John has a private gate and he needs to connect it via Wi-Fi so he can have a doorbell camera there, but his Wi-Fi range is limited. Leo says that since he has power out there, Leo recommends powerline networking to do it since the electrical lines are already laid. The doorbell camera may be hard because of the speed from the powerline, but Leo thinks it's doable. He recommends TP-Link. The downside is that he'll need to have it all on the same circuit.
Dan has AT&T and a new TP-Link router. Can he use his own with the AT&T DSL modem that has a router built-in? Leo says yes. He can turn off the AT&T's router radios and network address translation. He could try putting it into bridge mode. He'll have to open up the browser IP address and look for a place that will enable him to turn off the router altogether. He'll also have to disable DHCP. If he can't do that, then he can put the TP-Link into bridge mode and it will just pass the signal along. He should also look for a passthrough mode.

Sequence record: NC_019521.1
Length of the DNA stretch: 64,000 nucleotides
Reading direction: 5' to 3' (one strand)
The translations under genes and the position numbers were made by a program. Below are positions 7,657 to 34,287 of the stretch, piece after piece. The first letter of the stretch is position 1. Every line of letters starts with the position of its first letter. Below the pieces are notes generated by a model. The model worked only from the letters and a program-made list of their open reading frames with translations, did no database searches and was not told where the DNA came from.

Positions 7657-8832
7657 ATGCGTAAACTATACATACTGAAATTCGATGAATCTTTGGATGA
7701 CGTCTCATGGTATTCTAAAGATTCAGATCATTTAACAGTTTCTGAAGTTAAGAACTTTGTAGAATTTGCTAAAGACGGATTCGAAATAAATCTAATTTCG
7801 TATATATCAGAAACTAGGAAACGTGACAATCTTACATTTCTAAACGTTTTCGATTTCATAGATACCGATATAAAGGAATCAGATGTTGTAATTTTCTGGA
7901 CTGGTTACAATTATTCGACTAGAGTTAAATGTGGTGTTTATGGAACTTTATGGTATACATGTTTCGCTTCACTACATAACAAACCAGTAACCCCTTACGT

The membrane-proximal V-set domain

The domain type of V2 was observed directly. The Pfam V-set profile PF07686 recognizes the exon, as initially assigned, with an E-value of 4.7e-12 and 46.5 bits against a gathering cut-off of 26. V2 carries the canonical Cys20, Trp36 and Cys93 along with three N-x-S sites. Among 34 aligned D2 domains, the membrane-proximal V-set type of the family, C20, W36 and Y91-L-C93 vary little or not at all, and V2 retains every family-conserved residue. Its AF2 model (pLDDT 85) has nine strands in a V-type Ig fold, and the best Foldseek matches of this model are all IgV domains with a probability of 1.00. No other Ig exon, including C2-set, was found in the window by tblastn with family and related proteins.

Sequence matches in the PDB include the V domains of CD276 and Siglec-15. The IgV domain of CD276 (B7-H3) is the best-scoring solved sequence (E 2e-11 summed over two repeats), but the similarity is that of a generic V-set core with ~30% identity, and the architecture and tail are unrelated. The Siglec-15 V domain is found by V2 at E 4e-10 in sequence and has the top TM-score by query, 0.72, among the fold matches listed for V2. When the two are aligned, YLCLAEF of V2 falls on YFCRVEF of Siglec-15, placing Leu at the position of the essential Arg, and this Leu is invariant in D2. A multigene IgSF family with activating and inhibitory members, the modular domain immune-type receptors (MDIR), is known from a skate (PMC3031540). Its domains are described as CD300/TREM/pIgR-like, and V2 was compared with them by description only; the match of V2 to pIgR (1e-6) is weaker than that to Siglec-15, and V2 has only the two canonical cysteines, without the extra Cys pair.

Gloria wants to cut her phone service and use Ooma. Is that a good idea? Leo says that with one computer plugged into the internet, she can, but she'll also need a router so she can give access to others. A simple wireless router from Asus or DLink would work well. She should go for the dual band or tri band router. The WireCutter suggests the TP-Link Archer C7 (v2). She can find out more about it at thewirecutter.com.
Nick called to ask Leo his take on Nano Routers. They're cheap, and only cost around $30. Leo says these are travel routers, basically. There's no reason a router has to be big, it's just a computer. Leo hasn't used the TP-Link specifically, but he has used similar products. A router is a router, and its size doesn't really affect its functionality.